The Best Literary Writing About Mothers and Motherhood

The Body At A Loss by Cati Porter

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Review by Mindy Kronenberg

 

There is a considerable and influential archive of women’s writing detailing with journeys of terminal illness, as evidenced in the raw and honest work of poets Audre Lorde, Carol Snyder Halberstadt, and Kate Fox, whose experience with breast cancer resulted in a four-book sequence beginning with My Pink Ribbons. It is an admirable and brave pursuit to creatively convey the shock, pain, and day-to-day struggle of living against the idea of dying, while immersing themselves in domestic routine and finding gifts in moments of familiar peace or simple accomplishment.

The Body at a Loss chronicles the poet’s experience with her mother’s diagnosis, her own, and a friend’s, overlapping in hope, struggle, and ultimately an outcome for each. Cati Porter deftly takes the reader through narratives that can be emotional or clinical, that shrink and stretch on the page with changing temperament, from quiet, calm and precise to longer, elaborate poems and those that break abruptly mid-stride. In “Initiation” (p. 8) a discovery at a sonogram is presented in startling imagery:

A smattering like night stars,
Many grainy moons

On the monitor:
Nodules bob amid

Red and blue splotches
Denoting temperature, blood flow.

I can see my carotid arteries
Throbbing, see myself

As if viewing a distant new galaxy.

In “Surgical Precision,” (p. 35) an observation:

It doesn’t hurt
That I can see

That the surgeon
Has such small

Beautiful hands,
Tender in the way,

They extend
From the wrist

To smooth
A shoulder

Their firm, calm
Pressure.

In “Incidental,” (p.29) she imagines cancer as a malignant pregnancy:

…The body

inviolate, invaded, inflates

Conditions ripe for growth

I don’t know

that it’s there

but I do

Sweet thing

I must not

Feed you.

 

Moments in day to day living becomes a precious commodity in many poems, captured scenarios that detour from fear, temper pain with tenderness. The poet waxes philosophical in “Reading Miller’s Essay ‘on Tragedy and the Common Man’ with my Teenage Son the Night before Receiving the Radiologist’s Report” (p. 9), an exercise in patience and anticipation. The poet struggles with her son’s trouble in understanding the work, which to her “//…says nothing more than/ We’re all in this together, that tragedy/ is not a state reserved for nobility/ But instead can afflict us all. …” He simply wants to finish the assignment, and the poet embraces a message for her own predicament: “…what good does it do us to fixate/ On endings when everything depends/ Upon the liminal, the little deaths that happen each day/ while we wait to live.”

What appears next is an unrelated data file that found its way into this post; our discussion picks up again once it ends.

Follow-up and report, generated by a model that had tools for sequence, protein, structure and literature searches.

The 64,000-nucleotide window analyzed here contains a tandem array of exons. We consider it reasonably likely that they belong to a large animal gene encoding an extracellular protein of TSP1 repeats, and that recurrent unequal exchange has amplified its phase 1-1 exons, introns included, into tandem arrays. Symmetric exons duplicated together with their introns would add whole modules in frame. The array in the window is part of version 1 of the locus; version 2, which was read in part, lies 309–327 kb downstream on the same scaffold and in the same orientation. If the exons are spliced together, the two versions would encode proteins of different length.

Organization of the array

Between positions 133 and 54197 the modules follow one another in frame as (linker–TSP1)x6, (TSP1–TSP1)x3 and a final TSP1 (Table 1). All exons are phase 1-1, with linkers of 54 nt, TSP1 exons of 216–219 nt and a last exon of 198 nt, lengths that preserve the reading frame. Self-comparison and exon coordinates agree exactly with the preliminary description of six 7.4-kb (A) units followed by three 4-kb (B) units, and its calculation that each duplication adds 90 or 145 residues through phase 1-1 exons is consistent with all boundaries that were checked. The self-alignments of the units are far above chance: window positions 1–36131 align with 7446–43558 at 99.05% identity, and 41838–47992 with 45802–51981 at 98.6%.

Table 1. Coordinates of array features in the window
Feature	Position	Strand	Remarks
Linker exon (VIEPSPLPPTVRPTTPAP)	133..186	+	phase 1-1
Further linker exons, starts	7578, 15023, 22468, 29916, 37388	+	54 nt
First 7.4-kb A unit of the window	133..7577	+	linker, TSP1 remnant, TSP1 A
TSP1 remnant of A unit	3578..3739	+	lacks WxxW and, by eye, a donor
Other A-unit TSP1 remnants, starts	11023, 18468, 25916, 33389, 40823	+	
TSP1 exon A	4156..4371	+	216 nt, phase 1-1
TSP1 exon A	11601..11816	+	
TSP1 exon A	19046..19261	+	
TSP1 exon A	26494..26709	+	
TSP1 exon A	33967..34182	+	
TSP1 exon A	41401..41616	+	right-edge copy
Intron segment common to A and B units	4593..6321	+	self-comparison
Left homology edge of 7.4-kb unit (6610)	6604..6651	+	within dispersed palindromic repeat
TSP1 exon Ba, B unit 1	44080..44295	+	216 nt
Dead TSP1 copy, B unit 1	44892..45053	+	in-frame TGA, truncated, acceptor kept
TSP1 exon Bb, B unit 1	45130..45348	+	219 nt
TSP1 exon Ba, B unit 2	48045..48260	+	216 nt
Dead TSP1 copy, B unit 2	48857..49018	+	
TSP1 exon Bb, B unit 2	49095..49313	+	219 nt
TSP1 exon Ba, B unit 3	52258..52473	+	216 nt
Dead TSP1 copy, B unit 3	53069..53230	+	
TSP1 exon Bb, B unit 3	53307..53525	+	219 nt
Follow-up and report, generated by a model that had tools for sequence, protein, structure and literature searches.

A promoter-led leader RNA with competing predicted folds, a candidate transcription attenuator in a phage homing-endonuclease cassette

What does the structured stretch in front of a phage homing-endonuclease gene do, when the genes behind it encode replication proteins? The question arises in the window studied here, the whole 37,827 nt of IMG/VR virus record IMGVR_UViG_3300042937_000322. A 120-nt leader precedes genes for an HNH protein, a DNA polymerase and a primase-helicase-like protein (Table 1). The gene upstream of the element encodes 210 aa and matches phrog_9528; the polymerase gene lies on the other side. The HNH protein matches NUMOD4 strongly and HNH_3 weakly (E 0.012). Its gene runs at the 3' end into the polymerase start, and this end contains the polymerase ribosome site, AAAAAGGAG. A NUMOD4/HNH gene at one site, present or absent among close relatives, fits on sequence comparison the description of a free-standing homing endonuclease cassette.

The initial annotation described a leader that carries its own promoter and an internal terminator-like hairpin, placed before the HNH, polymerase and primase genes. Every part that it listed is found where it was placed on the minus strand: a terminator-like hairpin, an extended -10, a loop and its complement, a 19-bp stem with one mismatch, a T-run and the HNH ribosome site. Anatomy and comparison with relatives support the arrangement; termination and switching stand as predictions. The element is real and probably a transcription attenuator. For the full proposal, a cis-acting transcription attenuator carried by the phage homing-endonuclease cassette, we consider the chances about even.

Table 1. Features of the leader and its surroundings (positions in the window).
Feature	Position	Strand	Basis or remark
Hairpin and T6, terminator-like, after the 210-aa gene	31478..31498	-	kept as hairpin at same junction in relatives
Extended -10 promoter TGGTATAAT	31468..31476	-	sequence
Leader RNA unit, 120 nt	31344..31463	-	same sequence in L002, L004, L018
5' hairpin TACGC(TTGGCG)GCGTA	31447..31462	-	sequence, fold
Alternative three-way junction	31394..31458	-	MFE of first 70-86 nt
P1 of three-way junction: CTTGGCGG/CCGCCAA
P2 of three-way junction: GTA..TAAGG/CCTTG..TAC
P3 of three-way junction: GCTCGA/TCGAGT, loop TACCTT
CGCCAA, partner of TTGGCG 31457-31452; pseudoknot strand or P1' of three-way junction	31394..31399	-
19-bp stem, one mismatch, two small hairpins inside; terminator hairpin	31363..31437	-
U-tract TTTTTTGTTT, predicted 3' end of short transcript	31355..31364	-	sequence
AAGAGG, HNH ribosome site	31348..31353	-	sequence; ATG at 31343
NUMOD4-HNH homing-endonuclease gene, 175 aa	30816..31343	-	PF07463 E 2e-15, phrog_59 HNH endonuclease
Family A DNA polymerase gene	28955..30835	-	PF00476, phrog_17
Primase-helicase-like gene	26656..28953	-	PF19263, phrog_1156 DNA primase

“Taking my Time” (p. 10) is a slowed tour through a rainy morning’s breakfast, the solitude an hour before the doctor’s visit. Despite the signs (“The coughing starts early today, each hitch,/ Each hiccup, a jolt.”), she muses “I can still pretend that I have not already/ Read the report. If I sit still and quiet, the coughing// subsides… If I drink the coffee, slowly. If I care/ Not to wake the children. …” Particularly moving are poems like “This” ( p. 50) where a bathing becomes a momentous event for a fragile life, a soothing ritual:

She cannot tip her head back toward the spray

He waits while she smoothes the suds
With loofah up and down her unshaven legs,
Her arms, across her back, her hair beading,
The delicious heat, and he holds her
Hand as she steps out dripping,

And now he wrings the water from her hair,
Dabs the wet bandage, brushes her hair

This braided life, this tangled, aching bliss

The Body at a Loss bravely captures the intimacy of fear and hope, including the luxuriant small moments of pleasure (“At First”) and humored awkwardness (“For Your Amusement”). Cati Porter’s poems are an important and eloquent addition to the canon.

 

The Body at a Loss
By Cati Porter
Cavankerry Press, 2019

 


Mindy Kronenberg is an award-winning poet and writer with numerous publication credits world-wide. She teaches writing, literature, and arts subjects at SUNY Empire State College, publishes Book/Mark Quarterly Review, is editor of Oberon poetry magazine, and the author of Dismantling the Playground (Birnham Wood), Images of America: Miller Place (Arcadia), and OPEN, an illustrated poetry book (Clare Songbirds Publishers).

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